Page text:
Recommendations have a big impact on your LinkedIn profile optimization. They improve your search rankings and make your profile more attractive for recruiters and prospects.
Step 5: Engage with your target audience everyday
Engaging with your audience – Like, Comment, or Share – on LinkedIn is an important element of growing your network.
When you engage with a post, LinkedIn notifies the post owner. Most people on LinkedIn are eager to see who has engaged with their post. So, engaging with a post is a good way to get noticed by the post owner. When you comment on a post, everyone who sees the post will also see your comment. Some of the people who see your comment may connect with you. Even those who don’t would have noticed you. When you send them a connection request later, they are more likely to connect because they are familiar with you.
Engaging with people is a great way to build visibility and awareness that will help you grow your LinkedIn network.
Step 6: Posting regularly on LinkedIn will grow your reach and network
LinkedIn wants people to spend more time on its platform. So it encourages people to post regular updates. The more stuff there is to read, the more people will spend time on the platform. The more time they spend, they more ads LinkedIn will be able to show them. As you can see, writing posts on LinkedIn is key to the platform making money. But it’s also key to your growth and success on LinkedIn.
When you post an update or write an article on LinkedIn, your 1st degree connections see it in their newsfeed. If you shared something interesting, some of your 1st degree connections will like it, comment on it or share it. This means the post will be seen by their first degree connections increasing your reach on LinkedIn.
When people see your updates regularly, they become familiar with you. Many of them will want to connect with you if they like what you are sharing. When you send connection request to others, they are more likely to accept it because they are familiar with you.
Over time, your reach and familiarity will help you grow your LinkedIn network quickly. In fact, there is a strong correlation between posting regularly and the number of connection requests you get on LinkedIn.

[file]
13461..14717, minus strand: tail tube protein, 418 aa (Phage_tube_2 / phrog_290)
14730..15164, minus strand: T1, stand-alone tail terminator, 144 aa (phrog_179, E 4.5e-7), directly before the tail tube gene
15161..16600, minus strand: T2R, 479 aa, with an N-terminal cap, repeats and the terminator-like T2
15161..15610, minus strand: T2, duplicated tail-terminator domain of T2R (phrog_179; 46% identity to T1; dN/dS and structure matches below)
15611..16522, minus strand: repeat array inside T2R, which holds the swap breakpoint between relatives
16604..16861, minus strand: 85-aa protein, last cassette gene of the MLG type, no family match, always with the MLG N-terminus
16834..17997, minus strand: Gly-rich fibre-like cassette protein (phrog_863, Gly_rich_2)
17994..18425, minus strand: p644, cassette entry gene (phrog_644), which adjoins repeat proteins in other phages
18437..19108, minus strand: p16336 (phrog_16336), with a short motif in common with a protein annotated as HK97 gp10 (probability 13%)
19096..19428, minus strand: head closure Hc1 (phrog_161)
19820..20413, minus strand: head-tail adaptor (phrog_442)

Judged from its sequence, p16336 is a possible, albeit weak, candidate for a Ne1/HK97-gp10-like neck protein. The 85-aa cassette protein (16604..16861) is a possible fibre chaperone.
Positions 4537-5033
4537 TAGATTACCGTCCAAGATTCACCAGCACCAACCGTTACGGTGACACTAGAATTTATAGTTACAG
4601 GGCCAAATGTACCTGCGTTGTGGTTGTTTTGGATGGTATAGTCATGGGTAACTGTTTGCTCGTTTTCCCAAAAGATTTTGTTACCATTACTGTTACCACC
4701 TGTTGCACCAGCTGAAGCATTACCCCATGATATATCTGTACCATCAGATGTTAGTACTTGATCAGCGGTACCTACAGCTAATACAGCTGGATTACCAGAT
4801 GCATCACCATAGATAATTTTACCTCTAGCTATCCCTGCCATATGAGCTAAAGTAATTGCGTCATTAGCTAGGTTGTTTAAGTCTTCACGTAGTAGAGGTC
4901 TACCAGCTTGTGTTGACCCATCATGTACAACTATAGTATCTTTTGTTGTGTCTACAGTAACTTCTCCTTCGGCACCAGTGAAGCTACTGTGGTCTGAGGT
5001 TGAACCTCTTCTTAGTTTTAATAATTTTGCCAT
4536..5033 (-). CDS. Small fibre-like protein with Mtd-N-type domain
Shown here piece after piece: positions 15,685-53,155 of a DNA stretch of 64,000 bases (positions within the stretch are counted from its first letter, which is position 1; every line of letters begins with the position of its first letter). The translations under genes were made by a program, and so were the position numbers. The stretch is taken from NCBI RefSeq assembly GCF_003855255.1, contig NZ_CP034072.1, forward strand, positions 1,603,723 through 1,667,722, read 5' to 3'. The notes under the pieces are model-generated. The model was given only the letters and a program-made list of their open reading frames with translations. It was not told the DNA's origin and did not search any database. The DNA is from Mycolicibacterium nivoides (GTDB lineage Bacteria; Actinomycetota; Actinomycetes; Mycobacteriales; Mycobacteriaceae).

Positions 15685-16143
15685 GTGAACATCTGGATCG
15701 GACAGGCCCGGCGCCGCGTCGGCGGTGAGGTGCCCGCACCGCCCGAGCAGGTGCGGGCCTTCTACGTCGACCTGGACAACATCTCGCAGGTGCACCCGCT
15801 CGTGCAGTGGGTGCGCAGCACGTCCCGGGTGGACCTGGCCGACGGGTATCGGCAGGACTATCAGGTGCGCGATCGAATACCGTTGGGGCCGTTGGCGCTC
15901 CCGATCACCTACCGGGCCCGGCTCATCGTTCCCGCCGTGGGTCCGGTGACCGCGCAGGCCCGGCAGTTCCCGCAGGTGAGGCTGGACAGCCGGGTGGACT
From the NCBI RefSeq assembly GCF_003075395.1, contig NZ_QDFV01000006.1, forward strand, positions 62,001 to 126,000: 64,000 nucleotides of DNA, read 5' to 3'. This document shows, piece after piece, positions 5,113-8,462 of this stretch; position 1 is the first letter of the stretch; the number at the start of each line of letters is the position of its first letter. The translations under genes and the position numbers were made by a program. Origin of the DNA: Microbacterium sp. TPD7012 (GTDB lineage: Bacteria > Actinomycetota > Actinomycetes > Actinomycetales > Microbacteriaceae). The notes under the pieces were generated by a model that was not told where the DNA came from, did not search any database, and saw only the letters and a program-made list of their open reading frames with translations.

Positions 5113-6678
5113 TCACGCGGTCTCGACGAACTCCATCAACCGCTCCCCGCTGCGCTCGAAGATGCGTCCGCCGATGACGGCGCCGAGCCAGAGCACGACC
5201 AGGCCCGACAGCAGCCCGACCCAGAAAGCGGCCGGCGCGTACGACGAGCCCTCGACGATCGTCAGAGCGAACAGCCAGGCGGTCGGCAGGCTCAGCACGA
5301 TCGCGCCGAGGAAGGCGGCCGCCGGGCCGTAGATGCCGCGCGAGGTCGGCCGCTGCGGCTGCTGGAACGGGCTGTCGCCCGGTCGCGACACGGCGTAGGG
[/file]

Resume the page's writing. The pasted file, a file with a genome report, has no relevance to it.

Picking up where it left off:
Step 7: Send connection requests to your target audience
Your target audience on LinkedIn depends on how you want to use the platform. Entrepreneurs and salespeople should connect with:
- Prospects who are likely to buy from you
- Influencers who can give you reach and introduce you to prospects
- Friends, co-workers, and professional contacts like customers and suppliers
- Industry networks like Chamber of Commerce, Organizers of popular industry events, etc.
You should also connect with your college friends and alumni as they already trust you and will be open to introducing you to their contacts on LinkedIn.
How to find people you want to connect with on LinkedIn
- LinkedIn search – use the location, company, college, and keyword filters to find people you want to connect.
- Search LinkedIn with hashtag relevant to your business. LinkedIn will show you a list of people who’ve used the hashtag in their posts. You will also see a list of posts with that hashtag.
- Scroll through the members in your LinkedIn groups.
- Build lists with LinkedIn Sales Navigator. It’s the most powerful tool for finding prospects and people you want to connect with.
- People who visit your profile. These people have already shown interest in you so they are likely to connect with you.
- Connect with people who have engaged with your posts on LinkedIn. They already know you and have a positive image about you from the post.